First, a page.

The property was sold, modernised and opened as a restaurant in 1983 but the venture did not succeed and it has since been converted into a private house.

I am indebted to Heather Johnson of Colchester, whose great uncle and great aunt, Henry and Beat Soar, ran the pub in the 1950s, for the following information -

The pub, which had sold beer for more than 500 years, had claimed to be the village's first and oldest public house. Part of the building is believed to date back to 1480. The pub had an adjoining 11 acre field on which they kept goats, cows and pigs. Livestock prices at the time meant they could buy a calf for £1 and sell it on for £5 in a very short space of time - which supplemented the innkeeper's income considerably. Today the same field is known as Crossfield.

In the post-war years the pub became a popular gathering place for the local hunt.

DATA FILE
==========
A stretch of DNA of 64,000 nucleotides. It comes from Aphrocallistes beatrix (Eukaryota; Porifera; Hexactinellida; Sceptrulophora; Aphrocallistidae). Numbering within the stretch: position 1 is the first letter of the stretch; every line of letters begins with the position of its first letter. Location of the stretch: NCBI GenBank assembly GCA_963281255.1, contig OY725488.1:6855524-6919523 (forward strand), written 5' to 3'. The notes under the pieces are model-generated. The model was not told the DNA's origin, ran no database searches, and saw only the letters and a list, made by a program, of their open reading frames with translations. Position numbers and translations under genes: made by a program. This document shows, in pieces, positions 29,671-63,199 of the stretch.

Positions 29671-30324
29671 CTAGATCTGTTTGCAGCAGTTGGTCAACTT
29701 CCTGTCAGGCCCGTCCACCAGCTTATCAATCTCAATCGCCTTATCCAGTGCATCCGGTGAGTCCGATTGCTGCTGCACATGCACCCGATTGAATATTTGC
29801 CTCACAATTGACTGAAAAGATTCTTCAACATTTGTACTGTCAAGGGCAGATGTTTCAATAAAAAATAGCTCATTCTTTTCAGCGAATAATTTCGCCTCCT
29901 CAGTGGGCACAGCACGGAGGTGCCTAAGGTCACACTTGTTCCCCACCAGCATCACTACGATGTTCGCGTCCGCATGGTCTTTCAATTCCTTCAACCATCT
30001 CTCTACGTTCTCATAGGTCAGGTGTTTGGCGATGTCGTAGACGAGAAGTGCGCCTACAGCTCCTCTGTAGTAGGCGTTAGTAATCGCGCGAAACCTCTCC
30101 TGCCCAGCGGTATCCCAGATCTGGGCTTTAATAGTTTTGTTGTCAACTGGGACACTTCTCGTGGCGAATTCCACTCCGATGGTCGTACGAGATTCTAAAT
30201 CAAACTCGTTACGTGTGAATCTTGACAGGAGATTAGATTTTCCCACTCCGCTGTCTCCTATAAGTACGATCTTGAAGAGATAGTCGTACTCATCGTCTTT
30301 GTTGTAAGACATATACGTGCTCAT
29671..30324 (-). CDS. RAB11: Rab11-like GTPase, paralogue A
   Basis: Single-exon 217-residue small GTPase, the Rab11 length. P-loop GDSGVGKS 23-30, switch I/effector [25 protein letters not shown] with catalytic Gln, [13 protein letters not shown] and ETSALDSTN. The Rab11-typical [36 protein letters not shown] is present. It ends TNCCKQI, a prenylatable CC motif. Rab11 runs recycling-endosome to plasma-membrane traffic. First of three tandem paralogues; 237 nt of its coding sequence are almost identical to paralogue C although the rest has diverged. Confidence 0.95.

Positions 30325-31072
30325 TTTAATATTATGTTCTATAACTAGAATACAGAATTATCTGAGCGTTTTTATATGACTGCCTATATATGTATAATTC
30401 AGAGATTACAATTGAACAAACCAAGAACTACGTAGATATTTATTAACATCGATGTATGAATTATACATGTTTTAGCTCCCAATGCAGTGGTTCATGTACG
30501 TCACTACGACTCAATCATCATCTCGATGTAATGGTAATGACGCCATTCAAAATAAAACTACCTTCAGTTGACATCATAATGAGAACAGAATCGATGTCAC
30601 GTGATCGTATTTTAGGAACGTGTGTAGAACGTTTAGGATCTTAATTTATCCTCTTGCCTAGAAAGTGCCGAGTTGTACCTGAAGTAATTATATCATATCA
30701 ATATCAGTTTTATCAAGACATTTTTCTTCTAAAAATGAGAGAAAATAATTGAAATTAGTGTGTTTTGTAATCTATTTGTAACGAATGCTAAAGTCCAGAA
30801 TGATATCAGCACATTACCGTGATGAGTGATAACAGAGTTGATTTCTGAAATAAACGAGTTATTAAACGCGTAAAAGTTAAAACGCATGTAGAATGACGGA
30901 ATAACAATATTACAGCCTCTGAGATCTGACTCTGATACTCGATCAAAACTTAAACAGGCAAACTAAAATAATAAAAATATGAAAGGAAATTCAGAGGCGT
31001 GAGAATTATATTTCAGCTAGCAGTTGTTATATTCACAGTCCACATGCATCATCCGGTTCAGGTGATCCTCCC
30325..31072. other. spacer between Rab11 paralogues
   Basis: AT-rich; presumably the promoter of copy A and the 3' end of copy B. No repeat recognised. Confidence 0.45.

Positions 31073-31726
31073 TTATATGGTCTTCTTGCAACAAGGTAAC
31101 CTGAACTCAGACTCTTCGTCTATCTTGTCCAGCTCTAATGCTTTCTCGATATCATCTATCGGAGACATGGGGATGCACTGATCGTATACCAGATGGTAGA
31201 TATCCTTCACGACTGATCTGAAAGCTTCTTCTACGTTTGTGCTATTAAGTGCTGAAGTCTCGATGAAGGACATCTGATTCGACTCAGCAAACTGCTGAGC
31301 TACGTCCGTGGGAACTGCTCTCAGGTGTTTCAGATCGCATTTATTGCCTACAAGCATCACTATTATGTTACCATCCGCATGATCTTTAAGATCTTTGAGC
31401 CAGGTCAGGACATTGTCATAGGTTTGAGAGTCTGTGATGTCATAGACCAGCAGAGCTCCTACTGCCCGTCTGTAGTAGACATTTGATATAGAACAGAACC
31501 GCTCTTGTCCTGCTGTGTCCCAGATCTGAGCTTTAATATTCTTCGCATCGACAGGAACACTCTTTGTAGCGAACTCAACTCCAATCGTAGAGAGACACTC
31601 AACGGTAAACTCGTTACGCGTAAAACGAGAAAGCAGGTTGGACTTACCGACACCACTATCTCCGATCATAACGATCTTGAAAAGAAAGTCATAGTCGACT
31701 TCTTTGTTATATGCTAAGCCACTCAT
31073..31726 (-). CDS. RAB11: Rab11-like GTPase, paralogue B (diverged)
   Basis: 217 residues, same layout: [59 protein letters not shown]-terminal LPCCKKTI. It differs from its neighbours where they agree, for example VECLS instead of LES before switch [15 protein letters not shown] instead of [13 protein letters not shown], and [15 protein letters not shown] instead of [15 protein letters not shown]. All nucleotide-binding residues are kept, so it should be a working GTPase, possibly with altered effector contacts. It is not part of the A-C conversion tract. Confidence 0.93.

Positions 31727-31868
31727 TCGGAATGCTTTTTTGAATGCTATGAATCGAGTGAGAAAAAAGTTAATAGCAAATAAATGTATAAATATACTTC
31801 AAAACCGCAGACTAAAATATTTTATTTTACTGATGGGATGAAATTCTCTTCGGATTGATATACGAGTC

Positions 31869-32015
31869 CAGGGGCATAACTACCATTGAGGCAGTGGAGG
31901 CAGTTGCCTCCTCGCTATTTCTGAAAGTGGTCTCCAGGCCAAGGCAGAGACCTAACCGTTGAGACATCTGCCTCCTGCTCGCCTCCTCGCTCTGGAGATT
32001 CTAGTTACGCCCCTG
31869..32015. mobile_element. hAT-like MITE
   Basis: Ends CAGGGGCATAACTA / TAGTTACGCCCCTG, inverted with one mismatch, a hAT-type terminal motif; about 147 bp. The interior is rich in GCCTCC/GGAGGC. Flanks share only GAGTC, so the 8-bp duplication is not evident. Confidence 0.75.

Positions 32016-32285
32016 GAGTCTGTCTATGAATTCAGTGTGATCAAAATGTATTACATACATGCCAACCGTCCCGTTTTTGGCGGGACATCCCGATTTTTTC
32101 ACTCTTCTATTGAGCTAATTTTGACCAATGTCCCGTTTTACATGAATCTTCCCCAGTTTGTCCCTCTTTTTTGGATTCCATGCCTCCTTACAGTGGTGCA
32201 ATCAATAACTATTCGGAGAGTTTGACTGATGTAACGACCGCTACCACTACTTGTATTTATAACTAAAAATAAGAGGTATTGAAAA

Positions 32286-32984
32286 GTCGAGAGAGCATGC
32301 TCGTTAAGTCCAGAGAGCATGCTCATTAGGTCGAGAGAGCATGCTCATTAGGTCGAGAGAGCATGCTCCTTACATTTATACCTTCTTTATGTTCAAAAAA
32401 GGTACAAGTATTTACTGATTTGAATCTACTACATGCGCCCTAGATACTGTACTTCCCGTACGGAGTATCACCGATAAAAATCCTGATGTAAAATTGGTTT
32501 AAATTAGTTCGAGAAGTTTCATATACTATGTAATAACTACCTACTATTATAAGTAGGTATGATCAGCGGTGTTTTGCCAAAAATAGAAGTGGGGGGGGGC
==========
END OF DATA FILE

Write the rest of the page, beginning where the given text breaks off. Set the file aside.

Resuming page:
Ken Mason MFH
Sylvia Carter at The Cross
Henry Soar
Beat Soar
Beat Soar at the bar
Back of the Cross

 

 

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The Greyhound , Mill Road:

In 1762, Boxted acquired its second public house, a beerhouse named The Greyhound, halfway along Mill Road. The property was said to have been occupied by a Timothy White-ear, a carriage builder. As a result of his occupation the pub was sometimes referred to as "The Carpenter's Arms". Timothy White-ear started the business as the first landlord brewing his beer in the end section of his wheelwright's shop.

Beer differed from ale in that it was flavoured with hops while ale had a longer fermentation period producing a stronger brew.

Beer for the unemployed:

It is said that White-ear started the pub because of the large number of unemployed men - mostly weavers - who came to watch him at work building his carts and carriages, hoping he would employ them. Knowing that these ex-weavers had some money he thought he could open his beerhouse and make a profit from selling them beer. At least he would get them out of his workshop.

It is thought that The Greyhound closed in about 1848 when the then occupant bought a nearby smallholding and transferred the pub business there, further down Mill Road, calling it "Thatcher’s".

The Thatcher’s , Mill Road:

Thatcher’s Pub